Post-Conference Issue: Re:Vol. 1 No. 1 (2022)
We—all of us on Terra—live in disturbing times, mixed-up times, troubling and turbid times. The task is to become capable, with each other in all of our bumptious kinds, of response. Mixed-up times are overflowing with both pain and joy—with vastly unjust patterns of pain and joy, with unnecessary killing of ongoingness but also with necessary resurgence. [...] Our task is to make trouble, to stir up potent response to devastating events, as well as to settle troubled waters and rebuild quiet places. [...] In fact, staying with the trouble requires learning to be truly present, not as a vanishing pivot between awful or edenic pasts and apocalyptic or salvific futures, but as mortal critters entwined in myriad unfinished configurations of places, times, matters, meanings. (Haraway, 2016, p.1)
We need to ruin what ruins. (Ahmed, 2017, p. 40)
To build from the ruin, our building might seem ruined; when we build, we ruin (Ahmed, 2017, p. 232).
The pandemic has left a mark on all of us in disproportionate ways. The prospect of re:opening from the pandemic, with all of its assumptions, complexities and uncertainties, has caused us to pause and consider what re:opening actually means.
We offer the prefix re:, meaning both “again” and “back” (Oxford University Press, 2021), as a way to consider our relations with/in histories and futures. The : after re intensifies this relationality by “amplifying what has come before it” (histories) and “directing us to the information following it” (futures) (Grammarly, 2021). The preposition re:, meaning “in the matter of,” “concerning” (Oxford University Press, 2021) draws us to the urgency of what matters and what concerns us in the now. Thus, we conceptualize re: as a liminal space/time between pasts and futures, a bumpy space where disaggregated research practices, theoretical frameworks and methodologies meet, resist and transform. Taking the preposition re: as a proposition, we engage Donna Haraway’s provocation to stay with the trouble of what concerns us and of what matters in conversation with Sara Ahmed’s incitement to build and ruin from/with/in this liminal space/time of re:.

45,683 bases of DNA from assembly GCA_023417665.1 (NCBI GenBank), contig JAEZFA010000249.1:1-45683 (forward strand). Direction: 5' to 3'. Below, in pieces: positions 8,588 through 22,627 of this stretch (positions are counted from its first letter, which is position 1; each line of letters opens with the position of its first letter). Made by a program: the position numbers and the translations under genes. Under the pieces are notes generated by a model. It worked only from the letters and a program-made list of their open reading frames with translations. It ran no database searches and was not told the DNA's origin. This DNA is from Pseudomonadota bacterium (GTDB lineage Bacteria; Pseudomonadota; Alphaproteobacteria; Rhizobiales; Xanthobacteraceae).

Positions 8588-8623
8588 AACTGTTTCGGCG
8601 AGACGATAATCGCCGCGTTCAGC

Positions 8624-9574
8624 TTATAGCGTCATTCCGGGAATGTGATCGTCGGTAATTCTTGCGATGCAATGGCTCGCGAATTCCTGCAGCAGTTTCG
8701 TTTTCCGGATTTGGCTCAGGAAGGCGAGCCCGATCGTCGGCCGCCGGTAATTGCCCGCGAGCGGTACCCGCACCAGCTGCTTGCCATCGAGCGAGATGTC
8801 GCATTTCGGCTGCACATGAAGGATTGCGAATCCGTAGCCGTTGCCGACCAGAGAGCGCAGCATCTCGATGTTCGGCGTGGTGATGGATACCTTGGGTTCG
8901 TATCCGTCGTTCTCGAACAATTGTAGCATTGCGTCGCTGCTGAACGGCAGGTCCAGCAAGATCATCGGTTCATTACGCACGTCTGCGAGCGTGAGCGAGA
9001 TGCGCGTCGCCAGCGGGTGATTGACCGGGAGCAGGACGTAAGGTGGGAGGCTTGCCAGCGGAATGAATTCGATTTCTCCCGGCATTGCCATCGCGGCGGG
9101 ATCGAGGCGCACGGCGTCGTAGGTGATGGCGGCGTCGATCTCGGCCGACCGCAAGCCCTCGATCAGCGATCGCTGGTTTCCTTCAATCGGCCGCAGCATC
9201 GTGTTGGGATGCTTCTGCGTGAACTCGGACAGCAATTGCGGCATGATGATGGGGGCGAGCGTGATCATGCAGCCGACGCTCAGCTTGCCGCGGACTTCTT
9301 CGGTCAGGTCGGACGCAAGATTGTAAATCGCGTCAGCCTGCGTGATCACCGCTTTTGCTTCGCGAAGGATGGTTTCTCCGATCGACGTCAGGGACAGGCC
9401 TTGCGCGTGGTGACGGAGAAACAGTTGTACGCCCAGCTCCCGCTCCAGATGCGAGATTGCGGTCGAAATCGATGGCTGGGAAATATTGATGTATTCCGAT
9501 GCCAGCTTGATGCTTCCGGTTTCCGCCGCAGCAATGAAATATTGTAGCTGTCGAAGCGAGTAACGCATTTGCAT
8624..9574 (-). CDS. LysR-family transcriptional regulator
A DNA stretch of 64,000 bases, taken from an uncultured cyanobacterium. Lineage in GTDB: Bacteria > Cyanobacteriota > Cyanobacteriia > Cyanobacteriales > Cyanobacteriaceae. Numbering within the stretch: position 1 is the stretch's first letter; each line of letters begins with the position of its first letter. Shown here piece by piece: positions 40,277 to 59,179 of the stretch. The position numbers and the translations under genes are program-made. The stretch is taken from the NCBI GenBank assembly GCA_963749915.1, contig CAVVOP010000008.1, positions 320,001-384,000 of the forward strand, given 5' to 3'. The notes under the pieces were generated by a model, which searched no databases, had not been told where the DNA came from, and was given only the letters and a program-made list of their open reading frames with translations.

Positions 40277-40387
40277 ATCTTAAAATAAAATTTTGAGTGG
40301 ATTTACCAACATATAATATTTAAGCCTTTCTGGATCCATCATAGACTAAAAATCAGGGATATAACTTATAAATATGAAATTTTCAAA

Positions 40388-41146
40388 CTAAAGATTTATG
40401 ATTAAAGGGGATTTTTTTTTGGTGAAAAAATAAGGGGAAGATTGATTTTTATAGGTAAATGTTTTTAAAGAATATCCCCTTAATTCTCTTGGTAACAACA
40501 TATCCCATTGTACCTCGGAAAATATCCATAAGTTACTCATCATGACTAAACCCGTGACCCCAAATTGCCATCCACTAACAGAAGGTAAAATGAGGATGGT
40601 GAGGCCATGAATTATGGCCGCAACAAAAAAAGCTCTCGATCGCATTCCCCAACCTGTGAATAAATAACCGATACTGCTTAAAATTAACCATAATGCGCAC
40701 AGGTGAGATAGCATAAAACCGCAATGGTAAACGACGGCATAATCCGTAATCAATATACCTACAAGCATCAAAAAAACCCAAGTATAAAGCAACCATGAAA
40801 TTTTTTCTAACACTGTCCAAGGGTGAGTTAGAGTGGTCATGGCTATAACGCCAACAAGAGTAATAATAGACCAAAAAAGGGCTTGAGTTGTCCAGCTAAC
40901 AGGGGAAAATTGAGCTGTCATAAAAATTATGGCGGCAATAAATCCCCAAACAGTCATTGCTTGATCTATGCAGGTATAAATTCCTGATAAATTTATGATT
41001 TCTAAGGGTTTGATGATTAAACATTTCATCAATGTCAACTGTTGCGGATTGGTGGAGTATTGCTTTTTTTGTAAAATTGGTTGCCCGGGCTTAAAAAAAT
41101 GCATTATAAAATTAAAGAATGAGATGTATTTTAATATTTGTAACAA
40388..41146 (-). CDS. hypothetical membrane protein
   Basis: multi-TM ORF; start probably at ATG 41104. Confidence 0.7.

What does it mean then to re:open from a pandemic, “to build from the ruin” (Ahmed, 2017)? What histories are entangled with our futures, what do we ruin when we build? What risks do we take and what vulnerabilities do we expose? How do we work in situated ways that do not erase histories or smooth out futures? How do we “ruin what ruins”?
As we move toward what is being called a re:opening, we ask the question - as re:searchers, educators, thinkers, scholars, storytellers, makers, and creators - what is our re:spons-ability to come together in a conference space? We invite you to think with re: as an intersection of histories and a re:membering of ethical orientations toward futurities and how this brings us to our current dwellings in this liminal space/ time of re:.
re: calls us to situate our work in the ruins, thinking with and through the following questions:
- What does it mean to re:engage in a world that is built on the foundations of oppression?
- How do we re:imagine education (pedagogies, practices, teaching/learning) in the ruins and deliberate ethical possibilities for livable futures?
- How can we re:envision our notions of and relations with “community” in pasts, presents and otherwise futures?
Open Call IssueVol. 2 No. 1 (2023)
This issue features current works from graduate students with research areas in education.
Post-Conference Issue: Other Worlds, Any WaysVol. 2 No. 2 (2023)
“Utopia is on the horizon: when I walk two steps, it takes two steps back...I walk ten steps, and it is ten steps further away. What is utopia for? It is for this, for walking.” -Eduardo Galeano.
"Historically pandemics have forced humans to break with the past and imagine their world anew. This one is no different. It is a portal, a gateway between one world and the next. We can choose to walk through it, dragging the carcasses of our prejudice and hatred, our avarice, our data banks and dead ideas, our dead rivers and smoky skies behind us. Or we can walk through lightly, with little luggage, ready to imagine another world. And ready to fight for it." -Arundhati Roy.
In early 2020, the pandemic was poised as a portal. The hidden knowledge it illuminated felt confrontational, disruptive, and generative; an opportunity to “break with the past and imagine [our] world anew” (Roy, 2020), one we are ready to fight for. Passing through this portal, we find ourselves in the very future that we both feared and imagined. As activist, organizer, and abolitionist Mariama Kaba (Sonenstein & Wilson, 2018) says, perhaps we are feeling despair that our pandemic desires for more just futures have not come to fruition.